LALEHAM ABBEY

laleham-abbey
Built: 1803-1806, altered by Papworth in 1820s and 1830s
Architect: J.B. Papworth
Private apartments
Grade II* listed

Two storeys on basement, stucco 2:1:2 bays with altered sash windows; moulded cill strings, ground floor with brackets to windows. Greek fret cornice; blocking course, returned. Central bay has a Greek Doric portico with paired columns, steps to perron and half glazed door with enriched cornice. (Historic England)

Laleham Abbey, a Grade II* listed building was built in the Palladian style by renowned architect John Buanarotti Papworth (1775-1847) between 1803 and 1806. It was known at the time as Laleham Park but would soon become known as Laleham House.

The house is neo-Classical with a Doric portico. Inside are marble floors and columns, a semi-circular staircase and a cupola.

It was built as a second home for Richard Bingham, the 2nd Earl of Lucan (1764-1839). John Buanarotti Papworth was also responsible for alterations carried out on the house between 1827 and 1830.

Following the break-up of his marriage the 2nd Earl spent little time at Laleham House. He rented it to an exiled Queen Maria II of Portugal who lived here from 1829.

Following his death in 1839 the house passed to George Charles Bingham, the 3rd Earl of Lucan (1800-1888), who re-engaged John Buanarotti Papworth to complete further alterations including new stables and a farm.

George, an army officer, served in Turkey and the Crimea before reaching the rank of field-marshal. He commanded the cavalry in the Crimea and gave the much-disputed order for the historic advance of the Light Brigade at Balaclava, from which only 195 mounted men out of 673 returned.

Laleham House became the property of Charles George Bingham, the 4th Earl of Lucan (1830-1914), in 1888. Bingham was beset with financial problems for most of life and almost declared bankrupt in 1899 and 1913. He was seen to live a lifestyle that his income could no longer support. He raised money by selling large portions of the estate but it proved to be a miserable existence. However, he was a generous supporter of community affairs and gave Laleham land for use as a village hall and allowed the extension of the local church graveyard. He was also a friend of the Prince of Wales, later King Edward VII, who regularly visited the house.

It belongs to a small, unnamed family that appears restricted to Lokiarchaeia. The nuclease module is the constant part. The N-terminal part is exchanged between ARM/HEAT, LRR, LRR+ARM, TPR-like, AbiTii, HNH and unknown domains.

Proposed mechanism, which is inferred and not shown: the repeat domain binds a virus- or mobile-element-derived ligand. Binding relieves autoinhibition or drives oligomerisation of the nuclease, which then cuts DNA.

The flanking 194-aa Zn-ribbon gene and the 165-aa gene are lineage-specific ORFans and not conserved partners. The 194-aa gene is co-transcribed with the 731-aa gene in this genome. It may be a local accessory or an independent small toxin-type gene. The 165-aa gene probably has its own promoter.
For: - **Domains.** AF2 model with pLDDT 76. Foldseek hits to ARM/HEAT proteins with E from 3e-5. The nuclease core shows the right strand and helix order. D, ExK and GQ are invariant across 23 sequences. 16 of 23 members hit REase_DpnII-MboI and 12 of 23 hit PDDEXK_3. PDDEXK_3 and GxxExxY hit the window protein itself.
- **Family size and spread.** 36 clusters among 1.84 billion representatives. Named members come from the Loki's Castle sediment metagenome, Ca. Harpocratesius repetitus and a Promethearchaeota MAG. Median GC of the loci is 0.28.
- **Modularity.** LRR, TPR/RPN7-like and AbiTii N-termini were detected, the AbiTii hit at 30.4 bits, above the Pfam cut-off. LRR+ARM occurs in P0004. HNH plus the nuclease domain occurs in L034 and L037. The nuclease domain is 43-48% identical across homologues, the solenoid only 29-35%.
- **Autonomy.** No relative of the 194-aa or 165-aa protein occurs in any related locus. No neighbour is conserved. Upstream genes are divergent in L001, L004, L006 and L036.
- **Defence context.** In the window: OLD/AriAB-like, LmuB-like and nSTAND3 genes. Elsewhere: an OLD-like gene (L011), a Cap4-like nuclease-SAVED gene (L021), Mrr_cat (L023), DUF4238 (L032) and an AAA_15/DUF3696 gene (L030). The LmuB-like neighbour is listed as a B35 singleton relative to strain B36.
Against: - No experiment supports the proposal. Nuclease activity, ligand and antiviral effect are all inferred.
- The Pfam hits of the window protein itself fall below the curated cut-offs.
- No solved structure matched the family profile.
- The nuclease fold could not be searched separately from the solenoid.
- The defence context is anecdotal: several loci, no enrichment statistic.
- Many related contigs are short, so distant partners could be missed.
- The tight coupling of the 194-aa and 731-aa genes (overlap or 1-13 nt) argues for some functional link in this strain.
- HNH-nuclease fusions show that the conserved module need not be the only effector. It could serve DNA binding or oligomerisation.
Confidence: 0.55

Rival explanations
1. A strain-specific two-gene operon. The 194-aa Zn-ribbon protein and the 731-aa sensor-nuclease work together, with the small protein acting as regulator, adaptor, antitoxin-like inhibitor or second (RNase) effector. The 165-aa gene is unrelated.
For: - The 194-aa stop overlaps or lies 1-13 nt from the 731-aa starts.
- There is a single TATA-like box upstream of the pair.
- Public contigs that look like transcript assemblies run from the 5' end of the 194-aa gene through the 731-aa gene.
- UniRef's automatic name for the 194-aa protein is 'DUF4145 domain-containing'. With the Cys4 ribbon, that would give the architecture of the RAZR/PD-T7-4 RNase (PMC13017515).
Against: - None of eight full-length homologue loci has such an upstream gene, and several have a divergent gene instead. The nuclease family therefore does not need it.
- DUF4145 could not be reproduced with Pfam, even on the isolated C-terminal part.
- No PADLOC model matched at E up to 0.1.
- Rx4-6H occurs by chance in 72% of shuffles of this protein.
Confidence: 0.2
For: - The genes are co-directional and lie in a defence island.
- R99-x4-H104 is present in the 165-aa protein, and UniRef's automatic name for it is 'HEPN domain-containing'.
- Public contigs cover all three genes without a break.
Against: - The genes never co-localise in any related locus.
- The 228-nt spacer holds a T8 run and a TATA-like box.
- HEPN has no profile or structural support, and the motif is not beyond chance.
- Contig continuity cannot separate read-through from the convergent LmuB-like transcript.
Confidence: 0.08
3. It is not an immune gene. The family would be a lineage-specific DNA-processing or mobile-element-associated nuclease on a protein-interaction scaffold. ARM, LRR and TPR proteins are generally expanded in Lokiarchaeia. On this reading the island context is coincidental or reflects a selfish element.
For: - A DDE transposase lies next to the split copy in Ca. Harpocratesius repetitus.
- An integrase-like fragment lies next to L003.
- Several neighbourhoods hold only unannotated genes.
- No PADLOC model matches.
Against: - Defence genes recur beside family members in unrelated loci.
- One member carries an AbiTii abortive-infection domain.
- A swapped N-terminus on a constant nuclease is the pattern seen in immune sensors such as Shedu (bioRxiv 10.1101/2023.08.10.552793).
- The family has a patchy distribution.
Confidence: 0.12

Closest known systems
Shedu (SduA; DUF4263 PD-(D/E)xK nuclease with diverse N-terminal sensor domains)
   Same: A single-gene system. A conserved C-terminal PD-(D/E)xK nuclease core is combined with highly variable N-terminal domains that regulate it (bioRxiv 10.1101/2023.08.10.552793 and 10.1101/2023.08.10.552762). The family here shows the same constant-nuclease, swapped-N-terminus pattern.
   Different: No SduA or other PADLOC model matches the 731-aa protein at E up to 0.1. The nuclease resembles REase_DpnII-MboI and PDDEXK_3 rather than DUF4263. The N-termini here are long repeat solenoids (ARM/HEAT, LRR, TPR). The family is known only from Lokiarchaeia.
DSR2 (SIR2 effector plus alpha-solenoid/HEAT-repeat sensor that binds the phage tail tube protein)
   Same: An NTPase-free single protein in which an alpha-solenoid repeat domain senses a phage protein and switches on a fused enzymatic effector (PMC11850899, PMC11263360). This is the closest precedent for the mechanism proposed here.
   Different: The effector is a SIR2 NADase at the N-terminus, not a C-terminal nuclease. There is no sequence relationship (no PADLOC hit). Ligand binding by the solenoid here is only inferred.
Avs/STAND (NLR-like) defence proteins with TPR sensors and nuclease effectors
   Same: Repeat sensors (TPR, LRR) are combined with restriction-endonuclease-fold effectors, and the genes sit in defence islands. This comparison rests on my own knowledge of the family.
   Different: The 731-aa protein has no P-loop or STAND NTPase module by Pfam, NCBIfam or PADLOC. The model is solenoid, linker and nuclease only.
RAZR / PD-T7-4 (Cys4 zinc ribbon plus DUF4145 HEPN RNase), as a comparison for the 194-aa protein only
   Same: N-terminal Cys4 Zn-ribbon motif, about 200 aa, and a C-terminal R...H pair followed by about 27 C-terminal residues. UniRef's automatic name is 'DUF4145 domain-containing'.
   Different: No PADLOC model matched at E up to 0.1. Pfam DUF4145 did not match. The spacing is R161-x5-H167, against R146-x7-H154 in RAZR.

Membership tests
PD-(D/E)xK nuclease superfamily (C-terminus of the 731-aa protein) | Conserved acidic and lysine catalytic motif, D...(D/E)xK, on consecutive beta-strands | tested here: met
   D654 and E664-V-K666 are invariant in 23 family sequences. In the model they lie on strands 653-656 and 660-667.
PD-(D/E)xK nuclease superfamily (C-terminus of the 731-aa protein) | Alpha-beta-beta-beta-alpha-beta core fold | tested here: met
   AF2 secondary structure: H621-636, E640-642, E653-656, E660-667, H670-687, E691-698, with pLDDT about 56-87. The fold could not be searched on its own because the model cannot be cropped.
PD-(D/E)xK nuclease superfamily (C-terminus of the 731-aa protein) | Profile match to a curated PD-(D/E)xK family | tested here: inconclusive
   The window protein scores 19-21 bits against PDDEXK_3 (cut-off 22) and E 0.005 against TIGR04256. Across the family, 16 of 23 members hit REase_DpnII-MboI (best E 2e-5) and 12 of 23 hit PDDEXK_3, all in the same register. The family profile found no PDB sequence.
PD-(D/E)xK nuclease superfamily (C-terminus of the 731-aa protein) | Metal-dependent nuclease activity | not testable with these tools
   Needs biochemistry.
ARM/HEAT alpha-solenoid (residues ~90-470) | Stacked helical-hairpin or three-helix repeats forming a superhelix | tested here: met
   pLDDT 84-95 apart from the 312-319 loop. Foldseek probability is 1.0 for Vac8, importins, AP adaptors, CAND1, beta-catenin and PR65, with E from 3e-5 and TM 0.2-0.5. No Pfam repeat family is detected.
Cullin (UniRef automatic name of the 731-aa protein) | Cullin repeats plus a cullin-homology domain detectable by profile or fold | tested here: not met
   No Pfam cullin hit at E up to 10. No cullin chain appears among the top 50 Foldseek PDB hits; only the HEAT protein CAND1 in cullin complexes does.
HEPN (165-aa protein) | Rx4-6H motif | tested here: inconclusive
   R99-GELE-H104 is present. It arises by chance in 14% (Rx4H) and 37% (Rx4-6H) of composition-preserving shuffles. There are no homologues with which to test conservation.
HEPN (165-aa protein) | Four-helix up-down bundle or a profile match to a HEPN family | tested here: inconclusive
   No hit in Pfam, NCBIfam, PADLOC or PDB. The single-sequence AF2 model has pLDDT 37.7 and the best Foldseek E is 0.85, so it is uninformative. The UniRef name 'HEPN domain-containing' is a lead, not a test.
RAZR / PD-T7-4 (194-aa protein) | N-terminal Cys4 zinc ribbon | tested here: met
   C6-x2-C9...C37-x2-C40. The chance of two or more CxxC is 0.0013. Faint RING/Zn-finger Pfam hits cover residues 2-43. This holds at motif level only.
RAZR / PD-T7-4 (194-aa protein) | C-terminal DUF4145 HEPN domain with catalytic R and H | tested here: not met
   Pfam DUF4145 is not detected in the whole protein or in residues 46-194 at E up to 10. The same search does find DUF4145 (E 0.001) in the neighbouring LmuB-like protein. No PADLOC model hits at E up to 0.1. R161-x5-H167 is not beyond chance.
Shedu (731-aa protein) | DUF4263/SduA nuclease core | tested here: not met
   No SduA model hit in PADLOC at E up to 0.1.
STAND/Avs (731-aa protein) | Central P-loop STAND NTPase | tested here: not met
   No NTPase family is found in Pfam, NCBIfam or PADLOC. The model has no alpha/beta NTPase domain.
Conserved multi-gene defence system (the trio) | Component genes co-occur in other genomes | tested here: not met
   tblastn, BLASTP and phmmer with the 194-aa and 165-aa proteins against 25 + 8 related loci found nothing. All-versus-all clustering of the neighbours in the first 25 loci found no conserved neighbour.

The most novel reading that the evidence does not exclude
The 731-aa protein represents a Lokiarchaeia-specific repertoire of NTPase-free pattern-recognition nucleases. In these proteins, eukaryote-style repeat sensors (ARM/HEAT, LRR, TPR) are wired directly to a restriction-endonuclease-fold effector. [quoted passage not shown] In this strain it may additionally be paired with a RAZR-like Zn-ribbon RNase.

The house was inherited by George Charles Bingham, the 5th Earl of Lucan (1860-1949). He’d taken control of the Lucan estates in 1900 but spent little time at Laleham House. In 1915, a year after his father’s death, he rented the house to the Grand Duke Michael of Russia and the Countess Torby for the summer.

The 5th Earl formed the Lucan Estates Company in 1925 who were keen to obtain much needed income from their assets. Laleham House was sold to Lord Churston in 1928.

John Reginald Lopes Yarde-Buller, 3rd Baron Churston (1873-1930) arrived at Laleham House a broken man.

A serious fire had destroyed his Lupton House in Devon in 1926 razing the house’s upper-storey and interior. Some of the family heirlooms, including valuable paintings and pictures, were saved and removed to adjacent stables. However, a second fire in 1928 meant these were also destroyed.

It is not improbable that Lord Churston bought the house and its contents outright. He would live at Laleham House for two years until his death in 1930.

In 1932 his son, Richard-Yarde-Buller, 4th Baron Churston, was reported to have sold valuable works of art at Christie’s. These were treasures originally bought by Lord Lucan for Laleham House.

Sometime after the death of Lord Churston the house was used by nuns of the Sisters of St Peter the Apostle, Westminster who used the house as a convent school. It was now that the house would be known as Laleham Abbey and most of the surrounding land used as a public park.

Laleham House was eventually purchased by a property developer and converted into private apartments in 1981.

laleham-abbey-1
Note:
The Lucan family’s notoriety was renewed after the disappearance in 1974 of  Richard John Bingham, 7th Earl of Lucan. In June 1975, in his absence, a coroner’s jury found that he had murdered his children’s nanny, Sandra Rivett. There have been no confirmed sightings of Lord Lucan since his disappearance, and he was declared legally dead in February 2016.

Laleham Abbey,
Abbey Drive, Laleham, Staines-upon-Thames, Surrey, TW18 1SR

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